Common Home Problems and Solutions
Is your home cold, drafty, or uncomfortable? Do you have high energy bills? Ice dams? Peeling paint? Excessive dust? Addressing these types of home problems can make your home more comfortable, and at the same time improve it’s energy efficiency saving you money on utility bills and helping to protect the environment too.
High Energy Bills
High utility bills in summer and winter can often be traced to air leaks in your home’s envelope, inefficient windows or heating and cooling equipment, or poorly sealed and insulated ducts.
Mold, Mildew or Musty Odors
Water leaks or high humidity can lead to mold and mildew. This can cause wood rot, structural damage, peeling paint, and a variety of health problems.
A damp basement is commonly caused by moisture migrating through the foundation. As this moisture evaporates, it increases indoor humidity and can promote the growth of mold resulting in an uncomfortable house.
Cold Floors in Winter
Some types of floor coverings (such as wood, stone, tile, or concrete) will naturally feel cold on bare feet. However, insufficient insulation or air infiltration can also cause cold floors.
Cold air coming into or going out of your house, especially through leaks hidden in the attic and basement, can cause rooms to feel drafty and uncomfortable.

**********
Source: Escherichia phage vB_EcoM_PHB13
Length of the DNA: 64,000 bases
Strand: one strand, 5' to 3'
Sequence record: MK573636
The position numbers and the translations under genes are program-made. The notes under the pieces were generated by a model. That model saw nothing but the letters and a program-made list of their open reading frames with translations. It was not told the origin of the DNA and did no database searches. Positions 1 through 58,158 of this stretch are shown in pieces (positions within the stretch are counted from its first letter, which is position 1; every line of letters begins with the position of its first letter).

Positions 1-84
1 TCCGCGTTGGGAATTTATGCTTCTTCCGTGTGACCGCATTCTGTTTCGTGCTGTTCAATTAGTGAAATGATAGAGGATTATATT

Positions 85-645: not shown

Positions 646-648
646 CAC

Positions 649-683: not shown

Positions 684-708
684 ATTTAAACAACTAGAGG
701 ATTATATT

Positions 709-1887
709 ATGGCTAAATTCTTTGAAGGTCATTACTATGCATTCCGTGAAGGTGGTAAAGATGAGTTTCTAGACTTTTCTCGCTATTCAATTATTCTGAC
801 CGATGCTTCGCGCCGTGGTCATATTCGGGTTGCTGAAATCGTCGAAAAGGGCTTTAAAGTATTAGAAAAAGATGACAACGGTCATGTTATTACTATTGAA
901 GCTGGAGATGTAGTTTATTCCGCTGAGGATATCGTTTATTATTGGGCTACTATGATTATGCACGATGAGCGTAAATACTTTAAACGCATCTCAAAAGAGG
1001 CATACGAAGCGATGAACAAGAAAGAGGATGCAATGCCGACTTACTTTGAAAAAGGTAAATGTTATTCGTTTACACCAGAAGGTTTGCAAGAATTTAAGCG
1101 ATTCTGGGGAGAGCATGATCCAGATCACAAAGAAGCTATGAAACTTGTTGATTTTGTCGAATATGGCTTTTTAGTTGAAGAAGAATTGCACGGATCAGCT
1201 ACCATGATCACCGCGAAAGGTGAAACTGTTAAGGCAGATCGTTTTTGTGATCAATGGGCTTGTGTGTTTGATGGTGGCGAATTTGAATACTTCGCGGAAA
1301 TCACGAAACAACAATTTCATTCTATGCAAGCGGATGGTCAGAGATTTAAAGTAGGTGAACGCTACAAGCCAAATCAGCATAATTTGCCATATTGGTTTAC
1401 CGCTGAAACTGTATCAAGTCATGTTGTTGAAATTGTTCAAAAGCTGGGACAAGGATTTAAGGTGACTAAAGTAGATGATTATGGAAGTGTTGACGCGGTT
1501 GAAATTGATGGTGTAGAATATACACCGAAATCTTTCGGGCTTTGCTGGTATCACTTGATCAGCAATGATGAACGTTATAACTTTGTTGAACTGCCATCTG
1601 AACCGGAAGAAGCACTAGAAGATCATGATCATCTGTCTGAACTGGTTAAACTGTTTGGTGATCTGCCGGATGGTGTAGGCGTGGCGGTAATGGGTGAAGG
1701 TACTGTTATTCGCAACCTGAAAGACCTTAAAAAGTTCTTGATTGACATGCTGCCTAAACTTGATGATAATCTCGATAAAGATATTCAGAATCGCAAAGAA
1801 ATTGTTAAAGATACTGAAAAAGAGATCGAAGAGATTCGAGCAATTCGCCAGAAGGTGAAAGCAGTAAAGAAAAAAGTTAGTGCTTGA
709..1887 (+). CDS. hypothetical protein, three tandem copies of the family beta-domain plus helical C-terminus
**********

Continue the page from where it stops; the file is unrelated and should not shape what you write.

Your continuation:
Increased dust could be a sign that it is time to change your air filter or that your ductwork is not well sealed.
Moisture on Windows
Inefficient windows or high indoor moisture levels from air leaks can result in condensation, frost, or pools of water on windows and sills.
Warm air inside your home leaks into the attic and will warm the underside of the roof causing snow and ice to melt and refreeze as it runs off your roof forming icicles and ice dams.
Peeling or cracking paint on your home’s exterior may be a sign of a humidity problem or improper paint application.
Hot or Cold Rooms
Significant differences in temperature from one room to another could be caused by several factors, including inadequate insulation, air leakage, and poor duct performance.
Dry Indoor Air in Winter
Air leaks in your home allow warm humid air to escape and draw in drier colder air.